Domination is what is at issue here, as your friend Steyn puts it.
Simply put, some folks just don't want to be "dominated" by the West.

--Cobra

Jamie said...

It's a moral equivalency argument you appear to be making, Cobra - that simply the *fact* of being an underdog, regardless of why you're an underdog or whether you may be wrong, is sufficient to justify whatever you have to do to get out from under.

Cobra said...

Jamie writes:

>>>"It's a moral equivalency argument you appear to be making, Cobra - that simply the *fact* of being an underdog, regardless of why you're an underdog or whether you may be wrong, is sufficient to justify whatever you have to do to get out from under."

But that's often the root cause of the world's great conflagrations. EVERYBODY thinks they are "right." EVERYBODY's "god" is the one true "god." EVERYBODY's sect or denomination has the right interpretation or philosophy.

It also depends on perspective. To King George III, George Washington was a "terrorist." The American Revolution was certainly a minority movement, as most of the colonials were loyalists to England.

The Minutemen were guerilla warriors. They didn't line up in order across from their adversaries like "civilized" European armies. Oh no, they hid behind trees and rocks taking sniper shots, and running off into the woods to avoid direct conflict.

Religeous zealotry and fanaticism you ask?

>>>"We are not weak if we make a proper use of the things which God has placed in our power. The millions of people, armed in the holy cause of victory in this country are invincible by any force which our enemy can send against us. Besides, we shall not fight our battles alone. There is a just God who presides over the destinies of nations, and who will raise up friends to fight our battles for us. The battle is not to the strong alone; it is to the vigilant, the active, the brave."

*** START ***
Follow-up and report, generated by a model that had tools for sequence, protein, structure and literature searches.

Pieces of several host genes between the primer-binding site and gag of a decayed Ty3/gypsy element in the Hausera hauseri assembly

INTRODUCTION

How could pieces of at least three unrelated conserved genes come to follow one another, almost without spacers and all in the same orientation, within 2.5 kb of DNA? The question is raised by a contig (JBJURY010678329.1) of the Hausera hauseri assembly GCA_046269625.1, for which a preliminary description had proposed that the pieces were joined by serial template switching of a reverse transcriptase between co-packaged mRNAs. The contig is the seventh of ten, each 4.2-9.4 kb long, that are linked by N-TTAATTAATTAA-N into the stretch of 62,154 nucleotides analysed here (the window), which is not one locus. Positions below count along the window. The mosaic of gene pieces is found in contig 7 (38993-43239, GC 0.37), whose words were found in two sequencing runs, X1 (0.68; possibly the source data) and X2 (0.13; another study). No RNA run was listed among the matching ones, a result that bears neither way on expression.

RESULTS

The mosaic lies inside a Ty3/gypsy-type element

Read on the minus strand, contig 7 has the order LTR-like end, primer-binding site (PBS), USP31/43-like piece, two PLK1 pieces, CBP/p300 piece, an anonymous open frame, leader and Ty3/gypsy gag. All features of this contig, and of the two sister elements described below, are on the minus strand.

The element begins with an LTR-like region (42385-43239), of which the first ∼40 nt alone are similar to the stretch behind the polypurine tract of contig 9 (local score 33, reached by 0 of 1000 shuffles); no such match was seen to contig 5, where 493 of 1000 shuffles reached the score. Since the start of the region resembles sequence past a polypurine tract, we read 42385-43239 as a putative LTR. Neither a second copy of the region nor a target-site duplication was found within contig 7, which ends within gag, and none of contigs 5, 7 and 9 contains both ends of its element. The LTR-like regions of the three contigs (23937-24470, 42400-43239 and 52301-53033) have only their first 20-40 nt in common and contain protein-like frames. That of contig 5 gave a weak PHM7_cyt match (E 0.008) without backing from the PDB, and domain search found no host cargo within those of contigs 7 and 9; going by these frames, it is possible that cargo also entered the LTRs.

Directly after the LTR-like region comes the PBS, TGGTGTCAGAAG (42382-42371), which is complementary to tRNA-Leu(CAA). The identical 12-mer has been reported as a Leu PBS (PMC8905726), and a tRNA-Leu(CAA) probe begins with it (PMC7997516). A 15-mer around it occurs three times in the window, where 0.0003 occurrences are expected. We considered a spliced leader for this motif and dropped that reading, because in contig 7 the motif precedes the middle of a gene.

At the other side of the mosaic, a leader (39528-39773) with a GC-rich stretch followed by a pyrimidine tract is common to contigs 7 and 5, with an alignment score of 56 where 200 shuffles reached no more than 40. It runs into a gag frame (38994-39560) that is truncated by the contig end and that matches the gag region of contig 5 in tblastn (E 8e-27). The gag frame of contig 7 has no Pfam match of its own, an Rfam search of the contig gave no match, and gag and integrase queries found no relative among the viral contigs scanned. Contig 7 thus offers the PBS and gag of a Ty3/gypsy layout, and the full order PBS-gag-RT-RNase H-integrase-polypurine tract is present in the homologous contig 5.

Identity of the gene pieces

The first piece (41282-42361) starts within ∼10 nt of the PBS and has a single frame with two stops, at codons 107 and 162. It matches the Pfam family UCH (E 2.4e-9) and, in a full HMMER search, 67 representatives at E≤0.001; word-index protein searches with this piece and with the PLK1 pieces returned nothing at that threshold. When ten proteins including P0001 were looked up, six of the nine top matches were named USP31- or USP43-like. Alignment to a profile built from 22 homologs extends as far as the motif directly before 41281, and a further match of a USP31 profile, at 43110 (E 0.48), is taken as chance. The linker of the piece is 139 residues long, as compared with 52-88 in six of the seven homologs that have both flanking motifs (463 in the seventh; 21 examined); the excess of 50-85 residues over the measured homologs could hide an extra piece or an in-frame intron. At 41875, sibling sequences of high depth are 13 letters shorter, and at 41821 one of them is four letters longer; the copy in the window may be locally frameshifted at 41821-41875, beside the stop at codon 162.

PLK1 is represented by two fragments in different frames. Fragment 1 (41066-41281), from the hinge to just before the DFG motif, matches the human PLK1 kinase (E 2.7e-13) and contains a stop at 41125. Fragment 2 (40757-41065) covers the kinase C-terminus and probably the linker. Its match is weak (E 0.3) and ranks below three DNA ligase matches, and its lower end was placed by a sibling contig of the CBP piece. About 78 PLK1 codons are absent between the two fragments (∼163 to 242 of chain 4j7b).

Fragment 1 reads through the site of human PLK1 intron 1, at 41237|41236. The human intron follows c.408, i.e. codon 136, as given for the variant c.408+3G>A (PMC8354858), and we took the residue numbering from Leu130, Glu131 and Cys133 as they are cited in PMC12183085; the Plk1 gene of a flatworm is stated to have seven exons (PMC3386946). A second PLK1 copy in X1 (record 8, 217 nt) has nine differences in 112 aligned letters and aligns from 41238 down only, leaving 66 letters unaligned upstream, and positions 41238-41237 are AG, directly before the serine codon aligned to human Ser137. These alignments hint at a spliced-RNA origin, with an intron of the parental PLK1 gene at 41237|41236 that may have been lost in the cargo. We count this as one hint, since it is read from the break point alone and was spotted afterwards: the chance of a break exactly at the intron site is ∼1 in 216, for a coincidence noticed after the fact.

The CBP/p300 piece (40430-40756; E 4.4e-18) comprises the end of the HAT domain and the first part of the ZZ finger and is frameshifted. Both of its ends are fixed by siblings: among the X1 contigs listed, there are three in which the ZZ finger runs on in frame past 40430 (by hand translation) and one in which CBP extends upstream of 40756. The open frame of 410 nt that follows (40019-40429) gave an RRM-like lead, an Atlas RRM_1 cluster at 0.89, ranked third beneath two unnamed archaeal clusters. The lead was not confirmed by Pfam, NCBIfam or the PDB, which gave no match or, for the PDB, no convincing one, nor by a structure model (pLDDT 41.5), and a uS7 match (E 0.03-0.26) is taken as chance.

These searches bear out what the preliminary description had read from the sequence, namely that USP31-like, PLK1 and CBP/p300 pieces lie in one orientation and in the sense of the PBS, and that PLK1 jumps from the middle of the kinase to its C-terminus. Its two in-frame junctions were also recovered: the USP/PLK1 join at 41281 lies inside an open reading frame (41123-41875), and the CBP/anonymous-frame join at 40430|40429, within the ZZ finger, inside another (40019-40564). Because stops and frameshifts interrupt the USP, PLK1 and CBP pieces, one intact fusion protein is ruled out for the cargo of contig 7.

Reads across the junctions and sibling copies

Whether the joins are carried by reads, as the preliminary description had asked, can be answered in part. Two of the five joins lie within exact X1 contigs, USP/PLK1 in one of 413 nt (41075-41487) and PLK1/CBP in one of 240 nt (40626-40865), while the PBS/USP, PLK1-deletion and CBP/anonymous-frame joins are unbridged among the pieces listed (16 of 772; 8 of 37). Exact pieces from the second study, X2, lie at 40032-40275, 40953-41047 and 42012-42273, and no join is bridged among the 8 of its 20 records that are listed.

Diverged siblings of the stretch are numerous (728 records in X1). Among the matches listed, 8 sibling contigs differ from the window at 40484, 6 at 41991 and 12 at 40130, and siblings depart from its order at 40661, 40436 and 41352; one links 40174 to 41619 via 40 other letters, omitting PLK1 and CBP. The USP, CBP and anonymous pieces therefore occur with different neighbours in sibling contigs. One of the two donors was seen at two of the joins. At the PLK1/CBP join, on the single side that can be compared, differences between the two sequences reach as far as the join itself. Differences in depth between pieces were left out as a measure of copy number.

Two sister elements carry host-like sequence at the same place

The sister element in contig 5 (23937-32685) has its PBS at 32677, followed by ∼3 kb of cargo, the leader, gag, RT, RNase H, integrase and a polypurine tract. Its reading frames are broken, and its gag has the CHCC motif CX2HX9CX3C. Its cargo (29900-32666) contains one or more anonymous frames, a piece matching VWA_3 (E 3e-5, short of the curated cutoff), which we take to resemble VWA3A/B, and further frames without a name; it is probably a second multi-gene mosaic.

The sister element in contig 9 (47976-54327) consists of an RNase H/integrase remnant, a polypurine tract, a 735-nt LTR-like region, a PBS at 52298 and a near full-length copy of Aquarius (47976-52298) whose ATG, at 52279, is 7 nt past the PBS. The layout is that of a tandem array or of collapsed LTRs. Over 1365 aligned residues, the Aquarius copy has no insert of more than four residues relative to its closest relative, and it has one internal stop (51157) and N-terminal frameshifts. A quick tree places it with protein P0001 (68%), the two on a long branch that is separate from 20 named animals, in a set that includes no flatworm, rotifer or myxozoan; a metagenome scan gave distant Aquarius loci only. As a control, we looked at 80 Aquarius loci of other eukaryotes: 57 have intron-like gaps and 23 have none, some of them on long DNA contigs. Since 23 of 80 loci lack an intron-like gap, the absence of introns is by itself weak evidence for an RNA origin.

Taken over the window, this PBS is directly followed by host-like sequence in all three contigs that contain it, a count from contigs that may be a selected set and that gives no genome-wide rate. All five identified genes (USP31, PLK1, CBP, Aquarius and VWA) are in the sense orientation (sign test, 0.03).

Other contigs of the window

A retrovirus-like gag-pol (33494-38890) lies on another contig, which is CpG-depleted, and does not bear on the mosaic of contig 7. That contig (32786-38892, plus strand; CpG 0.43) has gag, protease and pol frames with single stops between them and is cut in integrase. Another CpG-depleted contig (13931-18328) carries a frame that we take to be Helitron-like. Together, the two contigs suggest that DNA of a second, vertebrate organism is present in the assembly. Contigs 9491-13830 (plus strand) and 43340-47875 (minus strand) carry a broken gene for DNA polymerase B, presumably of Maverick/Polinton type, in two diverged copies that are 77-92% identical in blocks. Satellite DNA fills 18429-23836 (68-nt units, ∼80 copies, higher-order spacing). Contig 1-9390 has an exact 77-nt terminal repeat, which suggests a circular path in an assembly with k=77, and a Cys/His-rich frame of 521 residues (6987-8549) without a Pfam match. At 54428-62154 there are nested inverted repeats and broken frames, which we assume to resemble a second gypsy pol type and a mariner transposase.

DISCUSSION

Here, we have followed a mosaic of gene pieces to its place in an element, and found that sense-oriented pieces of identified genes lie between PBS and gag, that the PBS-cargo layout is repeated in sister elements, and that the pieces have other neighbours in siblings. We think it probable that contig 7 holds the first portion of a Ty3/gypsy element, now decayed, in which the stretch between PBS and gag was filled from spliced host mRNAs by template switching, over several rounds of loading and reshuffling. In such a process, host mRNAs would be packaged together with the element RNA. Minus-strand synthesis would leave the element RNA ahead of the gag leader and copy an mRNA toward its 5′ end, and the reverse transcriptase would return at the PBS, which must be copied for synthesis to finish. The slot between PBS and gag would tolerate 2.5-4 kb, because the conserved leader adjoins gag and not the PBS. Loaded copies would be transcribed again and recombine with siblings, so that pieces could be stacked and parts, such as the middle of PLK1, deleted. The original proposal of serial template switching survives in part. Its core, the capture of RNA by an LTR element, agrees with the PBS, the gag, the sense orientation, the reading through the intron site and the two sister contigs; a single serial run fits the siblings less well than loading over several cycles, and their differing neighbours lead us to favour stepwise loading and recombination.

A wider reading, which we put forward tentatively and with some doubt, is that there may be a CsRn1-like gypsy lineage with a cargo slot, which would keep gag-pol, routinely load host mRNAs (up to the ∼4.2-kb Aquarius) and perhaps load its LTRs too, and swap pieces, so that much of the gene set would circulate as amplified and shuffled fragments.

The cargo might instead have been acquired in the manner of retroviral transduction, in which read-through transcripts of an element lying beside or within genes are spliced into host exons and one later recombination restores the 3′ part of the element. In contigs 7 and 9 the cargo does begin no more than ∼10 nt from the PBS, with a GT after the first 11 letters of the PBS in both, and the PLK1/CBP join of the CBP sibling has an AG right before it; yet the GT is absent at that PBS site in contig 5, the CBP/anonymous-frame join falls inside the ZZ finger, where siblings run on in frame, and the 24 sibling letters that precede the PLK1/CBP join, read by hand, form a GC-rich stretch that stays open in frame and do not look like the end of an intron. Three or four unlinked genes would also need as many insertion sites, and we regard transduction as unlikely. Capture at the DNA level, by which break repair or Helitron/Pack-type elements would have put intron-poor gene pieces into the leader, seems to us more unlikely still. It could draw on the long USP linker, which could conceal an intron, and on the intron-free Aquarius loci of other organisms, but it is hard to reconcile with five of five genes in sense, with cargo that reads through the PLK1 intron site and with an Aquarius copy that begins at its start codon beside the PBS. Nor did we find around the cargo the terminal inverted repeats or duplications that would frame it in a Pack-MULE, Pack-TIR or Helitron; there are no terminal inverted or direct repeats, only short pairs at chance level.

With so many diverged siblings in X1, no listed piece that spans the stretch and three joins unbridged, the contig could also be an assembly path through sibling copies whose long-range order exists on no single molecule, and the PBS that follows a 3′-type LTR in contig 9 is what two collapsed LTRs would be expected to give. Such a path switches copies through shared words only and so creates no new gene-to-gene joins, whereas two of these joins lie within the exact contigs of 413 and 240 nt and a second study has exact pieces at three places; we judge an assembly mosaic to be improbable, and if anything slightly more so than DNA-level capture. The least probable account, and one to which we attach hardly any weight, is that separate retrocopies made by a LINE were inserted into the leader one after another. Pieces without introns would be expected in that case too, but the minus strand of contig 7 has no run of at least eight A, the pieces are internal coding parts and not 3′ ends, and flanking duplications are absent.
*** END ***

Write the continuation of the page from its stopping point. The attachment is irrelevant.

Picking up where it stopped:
--Patrick Henry,
from the "Give me liberty..." speech, 1775.

It's not a question of moral equivalency, but that of critical thinking and analysis.

Right now there's a furor in the Iraqi government over the Coalition Provisional Authority Order #17 that states:

>>>"1) Unless provided otherwise herein, the MNF, the CPA, Foreign Liaison Missions, their
Personnel, property, funds and assets, and all International Consultants shall be
immune from Iraqi legal process."

President George or King George

But back in Patrick Henry's day, the Colonists were in a furor about this edict from England:

>>>"The Administration of Justice Act granted British officials virtual immunity in all of the colonies. They could not be tried in local courts for capital offences, but were rather to be extradited to Britain and tried there."

King George or President George

One doesn't have to morally equate to see the profound similarities of the actions of two occupying armies.

--Cobra

Jamie said...

Long break between comments - sorry, Cobra.

Quibble: it's true that the Continental Army used unorthodox tactics at times - but they also did one heck of a lot of drilling and fought in lines more often than not. (We live minutes from Valley Forge, where the Continental Army became an army as popularly understood, rather than a bunch of raggedy militias.) And one of the "unorthodox" tactics was the addition of "aim" to the phrase, "Ready, fire!" in those lines, because the Continentals had too little ammunition to fire volleys without actually trying for a target.

Onward. You say, "EVERYBODY thinks they are "right." EVERYBODY's "god" is the one true "god." EVERYBODY's sect or denomination has the right interpretation or philosophy." Yes. That's right. So how do we decide how to act? Do we wring our hands, frustrated (or perhaps released in responsibility) by the fact that our opponent - our enemy - also believes he's right? Or do we look at the foundations of each side's motives and do our best to decide which side we can live with aligning ourselves with? (Tortured sentence structure, but I'm too tired to fix it. Good luck!)